Am getting started with Hadoop, and am working on building a MapReduce chain for "customers who bought x also bought y", where y is the product that is purchased most frequently with x. I am looking for advice on increasing the efficiency of this task, by which I mean reducing the amount of data shuffled from mapper nodes to reducer node. My goal is a little different than other "customer bought x" scenarios, because I simply want to store the most commonly purchased product for a given product, not a list of products purchased with a given product ranked by frequency.
I am following this blog post to guide my approach.
If, as I understand, one of the big performance limiters in Hadoop is shuffling data from the mapper nodes to the reducer node, then, for every phase of the MapReduce chain, I want to keep the amount of shuffled data at a minimum.
Let's say my initial data set is a SQL table
purchases_products, a join table between a purchase and products that were bought in that purchase. I'll feed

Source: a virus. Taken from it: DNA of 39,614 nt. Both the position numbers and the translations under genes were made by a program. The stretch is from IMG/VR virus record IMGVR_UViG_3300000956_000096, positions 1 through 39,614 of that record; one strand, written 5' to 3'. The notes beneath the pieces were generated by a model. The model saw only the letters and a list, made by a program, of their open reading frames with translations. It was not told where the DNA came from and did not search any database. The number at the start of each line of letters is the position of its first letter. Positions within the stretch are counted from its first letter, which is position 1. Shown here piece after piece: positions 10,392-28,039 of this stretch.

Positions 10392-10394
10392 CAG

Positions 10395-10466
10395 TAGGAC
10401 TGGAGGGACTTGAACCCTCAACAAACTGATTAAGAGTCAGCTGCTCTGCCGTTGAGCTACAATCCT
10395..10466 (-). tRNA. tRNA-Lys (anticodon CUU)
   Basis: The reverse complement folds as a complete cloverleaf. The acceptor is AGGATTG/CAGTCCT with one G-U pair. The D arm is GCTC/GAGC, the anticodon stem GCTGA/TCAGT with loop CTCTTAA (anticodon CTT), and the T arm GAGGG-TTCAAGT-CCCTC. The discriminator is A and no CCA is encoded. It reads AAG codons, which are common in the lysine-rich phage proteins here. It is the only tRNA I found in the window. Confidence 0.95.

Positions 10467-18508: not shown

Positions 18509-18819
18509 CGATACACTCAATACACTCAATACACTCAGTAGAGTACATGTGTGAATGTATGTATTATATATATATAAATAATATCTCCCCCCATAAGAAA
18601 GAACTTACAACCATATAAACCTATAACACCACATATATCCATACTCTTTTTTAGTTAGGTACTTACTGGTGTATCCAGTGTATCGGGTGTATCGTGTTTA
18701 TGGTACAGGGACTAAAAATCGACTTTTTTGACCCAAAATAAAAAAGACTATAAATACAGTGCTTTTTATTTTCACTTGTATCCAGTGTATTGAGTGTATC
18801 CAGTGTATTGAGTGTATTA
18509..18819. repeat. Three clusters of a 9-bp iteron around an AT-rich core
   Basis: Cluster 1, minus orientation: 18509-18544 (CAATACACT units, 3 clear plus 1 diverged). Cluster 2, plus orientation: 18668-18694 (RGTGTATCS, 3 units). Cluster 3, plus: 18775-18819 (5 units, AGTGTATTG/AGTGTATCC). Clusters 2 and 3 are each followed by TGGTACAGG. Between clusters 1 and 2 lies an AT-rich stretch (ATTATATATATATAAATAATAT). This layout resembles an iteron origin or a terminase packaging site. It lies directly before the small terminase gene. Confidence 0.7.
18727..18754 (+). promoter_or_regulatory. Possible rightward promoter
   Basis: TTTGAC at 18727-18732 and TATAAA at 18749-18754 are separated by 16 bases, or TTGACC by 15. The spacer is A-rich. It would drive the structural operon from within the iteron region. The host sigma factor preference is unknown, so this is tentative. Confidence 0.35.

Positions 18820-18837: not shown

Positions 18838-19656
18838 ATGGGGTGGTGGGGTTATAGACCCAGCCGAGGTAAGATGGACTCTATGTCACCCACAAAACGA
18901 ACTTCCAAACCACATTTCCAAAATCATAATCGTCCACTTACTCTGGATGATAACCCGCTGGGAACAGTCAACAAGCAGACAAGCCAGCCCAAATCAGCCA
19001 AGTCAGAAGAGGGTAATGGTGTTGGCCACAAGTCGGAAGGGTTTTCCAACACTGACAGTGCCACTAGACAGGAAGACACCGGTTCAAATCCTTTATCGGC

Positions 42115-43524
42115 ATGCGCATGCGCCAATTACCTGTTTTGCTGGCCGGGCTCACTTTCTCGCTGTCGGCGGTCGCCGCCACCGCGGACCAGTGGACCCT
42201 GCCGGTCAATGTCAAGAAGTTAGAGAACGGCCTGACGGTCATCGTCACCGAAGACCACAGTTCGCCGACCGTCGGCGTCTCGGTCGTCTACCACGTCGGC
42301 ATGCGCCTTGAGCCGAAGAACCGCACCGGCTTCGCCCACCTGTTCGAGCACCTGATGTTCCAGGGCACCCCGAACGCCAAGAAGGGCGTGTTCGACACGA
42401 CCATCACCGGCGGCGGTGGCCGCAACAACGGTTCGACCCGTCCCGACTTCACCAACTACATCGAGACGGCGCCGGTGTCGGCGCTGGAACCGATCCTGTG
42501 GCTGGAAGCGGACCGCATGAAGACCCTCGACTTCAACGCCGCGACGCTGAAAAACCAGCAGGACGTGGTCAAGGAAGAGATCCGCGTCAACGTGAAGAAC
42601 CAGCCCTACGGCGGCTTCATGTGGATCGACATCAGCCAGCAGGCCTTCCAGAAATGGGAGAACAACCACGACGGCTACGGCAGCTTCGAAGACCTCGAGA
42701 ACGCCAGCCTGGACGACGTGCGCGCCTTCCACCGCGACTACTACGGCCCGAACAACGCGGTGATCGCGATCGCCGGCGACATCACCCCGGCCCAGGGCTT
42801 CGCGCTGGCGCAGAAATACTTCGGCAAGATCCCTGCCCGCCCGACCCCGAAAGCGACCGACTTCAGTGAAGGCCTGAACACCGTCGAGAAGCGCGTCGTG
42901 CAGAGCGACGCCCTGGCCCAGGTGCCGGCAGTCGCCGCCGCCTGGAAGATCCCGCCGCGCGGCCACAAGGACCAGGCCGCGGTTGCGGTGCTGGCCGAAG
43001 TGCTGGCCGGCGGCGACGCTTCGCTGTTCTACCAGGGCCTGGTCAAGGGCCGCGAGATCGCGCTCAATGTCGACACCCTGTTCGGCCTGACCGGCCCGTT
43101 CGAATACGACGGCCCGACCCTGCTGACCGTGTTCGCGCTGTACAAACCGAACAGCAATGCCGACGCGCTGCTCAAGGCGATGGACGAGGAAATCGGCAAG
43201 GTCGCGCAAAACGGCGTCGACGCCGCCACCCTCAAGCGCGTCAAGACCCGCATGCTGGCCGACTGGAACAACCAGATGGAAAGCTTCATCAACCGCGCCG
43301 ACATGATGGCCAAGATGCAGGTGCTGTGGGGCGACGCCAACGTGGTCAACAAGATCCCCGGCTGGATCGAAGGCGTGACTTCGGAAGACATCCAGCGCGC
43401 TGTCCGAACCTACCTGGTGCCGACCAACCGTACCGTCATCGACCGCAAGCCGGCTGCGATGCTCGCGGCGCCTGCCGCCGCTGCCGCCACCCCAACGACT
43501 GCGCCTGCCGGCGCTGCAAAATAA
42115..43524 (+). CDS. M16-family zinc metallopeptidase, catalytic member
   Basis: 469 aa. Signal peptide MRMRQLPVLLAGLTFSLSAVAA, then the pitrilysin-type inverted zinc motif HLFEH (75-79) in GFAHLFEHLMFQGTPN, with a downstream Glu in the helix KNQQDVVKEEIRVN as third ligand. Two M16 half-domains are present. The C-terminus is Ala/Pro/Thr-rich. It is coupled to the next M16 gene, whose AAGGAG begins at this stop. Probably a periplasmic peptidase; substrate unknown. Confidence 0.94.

select x.product_id, y.product_id from purchases_products x inner join purchases_products y on x.purchase_id = y.purchase_id and x.product_id != y.product_id into my MapReduce operation.
My MapReduce strategy is to map
product_id_x, product_id_y to
product_id_x_product_id_y, 1 and then sum the values in my reduce step. At then end I can split the keys and store pairs back to a SQL table.
My problem with this operation is that it shuffles a potentially huge number of rows, even though the size of the result set I want to produce is only
count(products) big. Ideally, I'd like to have a combiner step narrow the amount of rows shuffled to reducers during this phase, but I don't see a way to reliably do this.
Is this simply a limitation of the task at hand, or are there Hadoop tricks for organizing the workflow that will help me shrink the data shuffle during the second step? Is my worry about shuffle size appropriate in this case, or not?